And now, in a case with legal and political ramifications, the Supreme Court must decide whether to intervene just three weeks before the election in a state that both Obama and Republican challenger Mitt Romney consider critical to their chances of winning.
The issue is whether Ohio may allow only military voters to take advantage of in-person early voting in the three days before the Nov. 6 election. A district judge and a panel of the U.S. Court of Appeals for the 6th Circuit said the state had not shown why it should differentiate among groups of voters.
“While there is a compelling reason to provide more opportunities for military voters to cast their ballots, there is no corresponding satisfactory reason to prevent nonmilitary voters from casting their ballots as well,” the appeals court said. About 105,000 voters had cast their ballots during the three days in question in 2008.
Ohio’s request that the Supreme Court stay the appeals court decision comes amid an unprecedented number of voting law changes across the country, concerning who is eligible to vote, under what circumstances and how those votes will be counted.
It has led to fierce partisan battles and a string of lawsuits that mostly have been concluded without the high court’s intervention. But Ohio wants the justices to set aside the 6th Circuit’s ruling and allow its changes to go into effect.
Although the state has permitted early voting on the weekend before the election in the past — long lines on Election Day in 2004 prompted the change — the Republican-controlled legislature ended weekend voting this year, saying local boards of election needed the time to prepare. The state made an exception for military voters, who it said could be deployed at any time and thus miss the chance to vote.
Such decisions, Ohio says, are for each state to make. The 15 states supporting that position — all, like Ohio, have Republican attorneys general — told the court that the Constitution’s “genius” is to allow states “to consider and implement creative, novel efforts to widen the ability of citizens to vote.”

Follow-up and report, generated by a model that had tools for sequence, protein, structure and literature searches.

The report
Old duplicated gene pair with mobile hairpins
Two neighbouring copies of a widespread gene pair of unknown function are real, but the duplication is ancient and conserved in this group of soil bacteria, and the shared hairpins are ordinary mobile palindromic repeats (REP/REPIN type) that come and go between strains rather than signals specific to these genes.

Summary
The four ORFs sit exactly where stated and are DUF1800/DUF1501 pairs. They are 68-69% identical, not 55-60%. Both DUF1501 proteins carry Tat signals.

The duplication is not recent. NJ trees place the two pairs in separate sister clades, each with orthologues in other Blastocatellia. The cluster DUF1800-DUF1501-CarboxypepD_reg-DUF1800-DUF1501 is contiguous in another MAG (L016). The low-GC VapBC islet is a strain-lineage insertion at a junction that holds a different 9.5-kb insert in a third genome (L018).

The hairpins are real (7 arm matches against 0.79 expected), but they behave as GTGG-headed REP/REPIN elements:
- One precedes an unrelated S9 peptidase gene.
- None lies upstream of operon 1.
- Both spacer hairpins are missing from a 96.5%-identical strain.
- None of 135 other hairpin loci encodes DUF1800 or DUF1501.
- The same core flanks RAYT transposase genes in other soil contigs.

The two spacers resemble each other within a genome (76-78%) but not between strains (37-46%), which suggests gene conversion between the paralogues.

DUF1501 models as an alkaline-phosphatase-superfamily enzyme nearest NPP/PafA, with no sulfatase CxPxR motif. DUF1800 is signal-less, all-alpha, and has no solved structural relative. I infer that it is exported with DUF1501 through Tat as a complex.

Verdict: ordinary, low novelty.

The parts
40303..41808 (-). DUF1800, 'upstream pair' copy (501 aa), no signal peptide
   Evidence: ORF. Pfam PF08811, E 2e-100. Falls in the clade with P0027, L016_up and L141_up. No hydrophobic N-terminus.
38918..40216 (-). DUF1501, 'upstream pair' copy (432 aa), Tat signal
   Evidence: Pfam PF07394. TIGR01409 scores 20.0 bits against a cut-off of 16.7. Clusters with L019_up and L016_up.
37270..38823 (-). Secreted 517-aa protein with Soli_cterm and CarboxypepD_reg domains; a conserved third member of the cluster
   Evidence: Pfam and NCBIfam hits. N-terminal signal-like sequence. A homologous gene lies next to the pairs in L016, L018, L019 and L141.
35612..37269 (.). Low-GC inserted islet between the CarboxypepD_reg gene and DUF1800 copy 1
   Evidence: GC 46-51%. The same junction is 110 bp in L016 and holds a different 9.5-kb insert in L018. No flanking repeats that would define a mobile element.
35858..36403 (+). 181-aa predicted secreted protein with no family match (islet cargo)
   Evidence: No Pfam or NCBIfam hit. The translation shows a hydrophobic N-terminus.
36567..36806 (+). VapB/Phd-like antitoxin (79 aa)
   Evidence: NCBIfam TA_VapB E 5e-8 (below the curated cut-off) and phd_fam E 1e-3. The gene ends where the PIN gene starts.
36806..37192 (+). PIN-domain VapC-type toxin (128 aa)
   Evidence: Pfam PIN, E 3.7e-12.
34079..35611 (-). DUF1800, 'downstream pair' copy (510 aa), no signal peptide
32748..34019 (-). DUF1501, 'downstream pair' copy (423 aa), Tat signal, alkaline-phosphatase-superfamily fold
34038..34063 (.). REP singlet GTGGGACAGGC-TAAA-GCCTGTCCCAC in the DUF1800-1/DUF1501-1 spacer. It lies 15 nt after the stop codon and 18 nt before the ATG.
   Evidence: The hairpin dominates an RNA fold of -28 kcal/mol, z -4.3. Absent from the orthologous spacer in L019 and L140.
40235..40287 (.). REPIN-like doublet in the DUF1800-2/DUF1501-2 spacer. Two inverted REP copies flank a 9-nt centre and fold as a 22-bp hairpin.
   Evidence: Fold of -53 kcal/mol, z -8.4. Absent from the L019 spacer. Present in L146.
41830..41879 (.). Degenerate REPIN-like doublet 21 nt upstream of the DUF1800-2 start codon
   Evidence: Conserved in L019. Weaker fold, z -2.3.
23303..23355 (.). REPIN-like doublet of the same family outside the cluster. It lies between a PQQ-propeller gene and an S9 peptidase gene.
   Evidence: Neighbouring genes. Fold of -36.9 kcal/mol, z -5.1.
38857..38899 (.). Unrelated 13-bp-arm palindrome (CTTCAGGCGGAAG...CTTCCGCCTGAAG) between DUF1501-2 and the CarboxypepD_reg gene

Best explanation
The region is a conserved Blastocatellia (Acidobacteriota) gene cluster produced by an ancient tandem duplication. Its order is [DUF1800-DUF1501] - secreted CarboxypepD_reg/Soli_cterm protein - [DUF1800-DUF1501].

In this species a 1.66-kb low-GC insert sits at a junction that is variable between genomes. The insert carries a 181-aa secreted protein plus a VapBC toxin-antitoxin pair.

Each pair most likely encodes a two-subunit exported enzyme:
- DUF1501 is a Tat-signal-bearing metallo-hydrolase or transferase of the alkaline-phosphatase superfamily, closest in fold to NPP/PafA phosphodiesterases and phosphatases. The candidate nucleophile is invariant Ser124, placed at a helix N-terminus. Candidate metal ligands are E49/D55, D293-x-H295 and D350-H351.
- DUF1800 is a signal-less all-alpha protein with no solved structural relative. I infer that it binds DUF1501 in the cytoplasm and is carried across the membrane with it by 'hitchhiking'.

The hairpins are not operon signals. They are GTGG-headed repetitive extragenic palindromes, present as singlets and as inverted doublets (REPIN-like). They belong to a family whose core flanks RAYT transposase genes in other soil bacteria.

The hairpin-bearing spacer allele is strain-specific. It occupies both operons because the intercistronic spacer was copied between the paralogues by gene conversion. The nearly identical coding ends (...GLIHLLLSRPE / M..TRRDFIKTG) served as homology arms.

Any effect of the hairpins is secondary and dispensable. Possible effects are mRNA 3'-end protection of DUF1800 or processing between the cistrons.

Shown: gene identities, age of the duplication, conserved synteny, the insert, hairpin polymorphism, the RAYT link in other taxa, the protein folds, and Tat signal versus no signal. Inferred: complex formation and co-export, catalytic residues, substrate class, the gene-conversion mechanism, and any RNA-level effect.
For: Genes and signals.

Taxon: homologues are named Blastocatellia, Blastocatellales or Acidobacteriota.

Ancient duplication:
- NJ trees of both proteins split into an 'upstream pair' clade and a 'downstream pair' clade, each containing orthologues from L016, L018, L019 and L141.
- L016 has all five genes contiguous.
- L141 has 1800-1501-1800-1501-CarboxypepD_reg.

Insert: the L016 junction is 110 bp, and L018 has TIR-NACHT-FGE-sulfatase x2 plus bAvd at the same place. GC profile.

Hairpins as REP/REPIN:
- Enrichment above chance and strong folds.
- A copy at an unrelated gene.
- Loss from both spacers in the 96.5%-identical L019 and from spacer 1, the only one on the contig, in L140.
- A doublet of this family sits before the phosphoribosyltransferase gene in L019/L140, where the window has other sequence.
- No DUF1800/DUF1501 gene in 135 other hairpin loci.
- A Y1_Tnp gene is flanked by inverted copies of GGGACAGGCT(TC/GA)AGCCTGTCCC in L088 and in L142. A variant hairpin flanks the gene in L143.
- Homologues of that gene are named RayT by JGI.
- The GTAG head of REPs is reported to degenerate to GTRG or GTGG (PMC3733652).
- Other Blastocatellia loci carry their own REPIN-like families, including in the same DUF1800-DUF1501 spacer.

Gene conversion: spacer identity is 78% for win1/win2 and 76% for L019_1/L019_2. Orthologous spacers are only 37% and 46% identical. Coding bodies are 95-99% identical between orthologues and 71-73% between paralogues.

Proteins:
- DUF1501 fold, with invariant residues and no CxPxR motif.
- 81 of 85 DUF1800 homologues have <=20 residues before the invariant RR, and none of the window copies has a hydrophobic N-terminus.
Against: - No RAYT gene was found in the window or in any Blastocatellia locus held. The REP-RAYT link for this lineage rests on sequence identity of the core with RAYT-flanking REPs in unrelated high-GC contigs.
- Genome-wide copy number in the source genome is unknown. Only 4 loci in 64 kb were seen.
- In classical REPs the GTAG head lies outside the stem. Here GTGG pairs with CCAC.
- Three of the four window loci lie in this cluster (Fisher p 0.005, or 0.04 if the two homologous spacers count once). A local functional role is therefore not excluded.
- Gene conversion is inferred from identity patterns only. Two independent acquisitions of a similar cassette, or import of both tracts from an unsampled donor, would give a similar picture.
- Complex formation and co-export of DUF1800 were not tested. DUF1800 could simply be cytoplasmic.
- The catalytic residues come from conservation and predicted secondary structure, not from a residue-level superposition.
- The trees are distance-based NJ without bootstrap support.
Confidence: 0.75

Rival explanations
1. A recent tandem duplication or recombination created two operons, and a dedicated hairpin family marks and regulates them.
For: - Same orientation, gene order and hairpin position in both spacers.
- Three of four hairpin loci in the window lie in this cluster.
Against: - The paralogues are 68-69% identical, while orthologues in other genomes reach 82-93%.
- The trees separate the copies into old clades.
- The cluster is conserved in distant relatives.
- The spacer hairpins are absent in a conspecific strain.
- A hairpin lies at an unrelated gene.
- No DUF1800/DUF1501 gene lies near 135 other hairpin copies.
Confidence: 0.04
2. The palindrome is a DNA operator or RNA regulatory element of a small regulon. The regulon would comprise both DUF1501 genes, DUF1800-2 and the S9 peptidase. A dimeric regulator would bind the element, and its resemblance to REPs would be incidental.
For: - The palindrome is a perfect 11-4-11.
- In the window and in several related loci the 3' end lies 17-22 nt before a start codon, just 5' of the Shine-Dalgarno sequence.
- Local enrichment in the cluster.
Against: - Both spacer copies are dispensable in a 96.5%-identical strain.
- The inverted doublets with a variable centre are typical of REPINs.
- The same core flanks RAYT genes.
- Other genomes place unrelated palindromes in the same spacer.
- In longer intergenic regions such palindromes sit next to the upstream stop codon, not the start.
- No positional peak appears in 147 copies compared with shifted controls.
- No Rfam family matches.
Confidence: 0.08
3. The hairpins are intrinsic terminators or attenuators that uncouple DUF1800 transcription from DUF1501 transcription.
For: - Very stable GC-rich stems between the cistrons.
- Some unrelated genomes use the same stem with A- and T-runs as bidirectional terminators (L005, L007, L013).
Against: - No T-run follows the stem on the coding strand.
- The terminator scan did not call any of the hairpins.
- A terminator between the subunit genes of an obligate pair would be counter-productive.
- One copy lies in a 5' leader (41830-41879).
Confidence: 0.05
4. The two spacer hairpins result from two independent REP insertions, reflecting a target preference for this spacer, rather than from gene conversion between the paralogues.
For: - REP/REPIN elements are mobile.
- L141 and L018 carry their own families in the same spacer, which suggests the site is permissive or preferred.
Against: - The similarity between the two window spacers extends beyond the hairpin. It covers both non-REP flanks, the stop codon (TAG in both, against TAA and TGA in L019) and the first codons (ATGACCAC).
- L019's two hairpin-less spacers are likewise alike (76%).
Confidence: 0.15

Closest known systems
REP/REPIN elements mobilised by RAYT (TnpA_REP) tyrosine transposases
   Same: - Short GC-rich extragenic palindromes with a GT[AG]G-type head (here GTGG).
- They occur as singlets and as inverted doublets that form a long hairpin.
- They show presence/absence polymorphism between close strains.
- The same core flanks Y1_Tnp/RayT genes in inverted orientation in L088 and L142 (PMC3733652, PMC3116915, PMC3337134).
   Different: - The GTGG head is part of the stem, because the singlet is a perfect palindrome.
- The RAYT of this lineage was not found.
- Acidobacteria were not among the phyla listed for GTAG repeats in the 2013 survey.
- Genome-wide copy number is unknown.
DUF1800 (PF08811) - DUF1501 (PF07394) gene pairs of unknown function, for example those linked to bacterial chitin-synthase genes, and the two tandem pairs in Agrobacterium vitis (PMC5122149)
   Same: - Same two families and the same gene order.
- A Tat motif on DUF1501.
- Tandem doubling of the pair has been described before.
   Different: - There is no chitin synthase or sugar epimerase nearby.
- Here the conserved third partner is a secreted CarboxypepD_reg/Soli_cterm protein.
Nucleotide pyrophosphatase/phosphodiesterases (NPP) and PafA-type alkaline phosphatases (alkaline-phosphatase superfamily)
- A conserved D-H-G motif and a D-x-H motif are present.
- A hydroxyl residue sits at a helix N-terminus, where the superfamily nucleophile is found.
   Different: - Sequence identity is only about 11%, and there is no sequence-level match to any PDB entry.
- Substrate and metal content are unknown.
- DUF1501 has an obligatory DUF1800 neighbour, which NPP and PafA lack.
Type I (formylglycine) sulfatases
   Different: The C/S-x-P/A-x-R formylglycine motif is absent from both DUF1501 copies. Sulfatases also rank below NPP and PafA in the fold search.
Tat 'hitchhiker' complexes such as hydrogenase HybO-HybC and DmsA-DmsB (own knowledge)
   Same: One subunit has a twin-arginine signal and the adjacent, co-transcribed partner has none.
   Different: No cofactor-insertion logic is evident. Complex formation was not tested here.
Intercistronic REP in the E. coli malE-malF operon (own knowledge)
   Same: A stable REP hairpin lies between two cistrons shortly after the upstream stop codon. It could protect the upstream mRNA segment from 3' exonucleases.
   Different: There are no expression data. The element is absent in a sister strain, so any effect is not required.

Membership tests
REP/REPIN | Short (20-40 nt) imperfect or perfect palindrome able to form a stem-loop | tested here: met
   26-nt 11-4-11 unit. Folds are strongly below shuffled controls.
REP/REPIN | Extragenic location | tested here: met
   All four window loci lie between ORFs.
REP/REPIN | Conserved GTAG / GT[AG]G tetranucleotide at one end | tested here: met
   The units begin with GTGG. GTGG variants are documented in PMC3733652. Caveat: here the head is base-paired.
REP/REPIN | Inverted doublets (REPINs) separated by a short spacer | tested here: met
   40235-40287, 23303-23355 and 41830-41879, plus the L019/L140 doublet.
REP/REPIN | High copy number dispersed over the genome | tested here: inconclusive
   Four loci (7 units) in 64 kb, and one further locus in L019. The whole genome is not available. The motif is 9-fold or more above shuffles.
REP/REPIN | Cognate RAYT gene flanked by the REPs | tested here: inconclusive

But Ohio Democrats complain that plan is partisan, saying the voters most likely to take advantage of voting on the weekend before the election are women, the poor and older voters. The Obama campaign told the justices that the lower courts were right to stop Ohio’s plan.
Bob Bauer, the general counsel for Obama for America, wrote in his brief that the system “is as arbitrary as it is unique: nowhere else in the country will an eligible voter be turned away from a single, open polling place because the polling place is open for some voters, but not for that particular voter.”
The lower courts’ rulings relied in part on Bush v. Gore, the Supreme Court’s 2000 ruling that stopped the Florida recount in the presidential race between George W. Bush and Al Gore. The justices have not relied on that ruling in any case since.
But judges in the 6th Circuit have cited the decision’s command that “having once granted the right to vote on equal terms, the state may not, by later arbitrary and disparate treatment, value one person’s vote over that of another.”
The motion before the court is not on the merits of the 6th Circuit’s decision but on Ohio’s request that it be stayed. The state says it already provides 23 days of early voting — which began Oct. 2 — and makes it easy for voters to cast their ballots by mail.
But the Obama campaign said the state cannot show any irreparable harm to opening the polls to all voters that weekend. It points out that the lower court’s decision simply restores the status quo from the 2008 and 2010 elections, and it notes that several large counties have said the extra voting helps alleviate problems from large turnout on Election Day.
Besides, the brief notes, any hardship on the state “is far outweighed by the harm to voters who are arbitrarily denied the right to vote on the same terms as their fellow citizens.”
A decision on whether to grant the stay could come anytime. Ohio’s plea was sent to Justice Elena Kagan, who is assigned to the 6th Circuit, and she called for the response from the Obama campaign.
Kagan could rule on her own, but in such cases the designated justice usually refers the matter to the entire court.